Makerere University has strong research collaborations with UW and UMN since 2002 (UW) and 2003 (UMN). These institutions currently partner on 24 active research studies, including 20 NIH-funded studies, and two Fogarty-funded training grants. Areas of research focus include infectious diseases (HIV, malaria, cryptococcal meningitis, herpes viruses, HHV-8, zoonotic diseases), cancer, child development and mental heath, and nutrition.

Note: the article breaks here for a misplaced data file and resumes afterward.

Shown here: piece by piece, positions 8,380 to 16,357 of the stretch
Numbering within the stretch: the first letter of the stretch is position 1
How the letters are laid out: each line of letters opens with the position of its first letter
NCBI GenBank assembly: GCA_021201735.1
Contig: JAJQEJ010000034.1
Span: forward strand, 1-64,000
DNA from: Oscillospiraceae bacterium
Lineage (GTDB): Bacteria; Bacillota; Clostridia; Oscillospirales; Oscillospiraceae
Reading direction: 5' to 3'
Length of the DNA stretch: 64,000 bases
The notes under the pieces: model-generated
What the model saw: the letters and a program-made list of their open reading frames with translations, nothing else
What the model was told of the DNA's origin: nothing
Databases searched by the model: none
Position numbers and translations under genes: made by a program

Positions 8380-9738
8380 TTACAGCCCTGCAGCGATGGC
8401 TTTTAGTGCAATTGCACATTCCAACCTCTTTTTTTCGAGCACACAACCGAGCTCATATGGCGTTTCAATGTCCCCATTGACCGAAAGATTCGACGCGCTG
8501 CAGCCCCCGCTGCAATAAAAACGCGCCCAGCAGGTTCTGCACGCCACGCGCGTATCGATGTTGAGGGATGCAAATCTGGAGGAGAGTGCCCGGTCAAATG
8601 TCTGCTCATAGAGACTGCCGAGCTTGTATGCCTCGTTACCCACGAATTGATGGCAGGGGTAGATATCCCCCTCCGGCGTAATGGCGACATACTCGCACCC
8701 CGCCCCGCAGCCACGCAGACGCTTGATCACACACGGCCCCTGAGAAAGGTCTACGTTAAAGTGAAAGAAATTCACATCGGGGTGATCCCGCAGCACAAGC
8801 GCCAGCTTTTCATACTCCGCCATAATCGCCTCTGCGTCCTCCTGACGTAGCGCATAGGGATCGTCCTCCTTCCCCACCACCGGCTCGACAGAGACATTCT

The UW and UMN D43 training grants in Uganda focus on education in HIV and connections between infection and neurodevelopment. UMN has had grants that included faculty mentor training at Makerere University. UMN One Health Workforce grant was instrumental in creating the One Health Central and East Africa network that includes Uganda which collaborates with the Ugandan Ministry of Health to increase capacity for detecting and responding to disease outbreaks, including zoonotic disease outbreaks. UMN has also invested in creating a hub in Kampala, Uganda with administrative personnel, infrastructure to aid in research and administrative activities.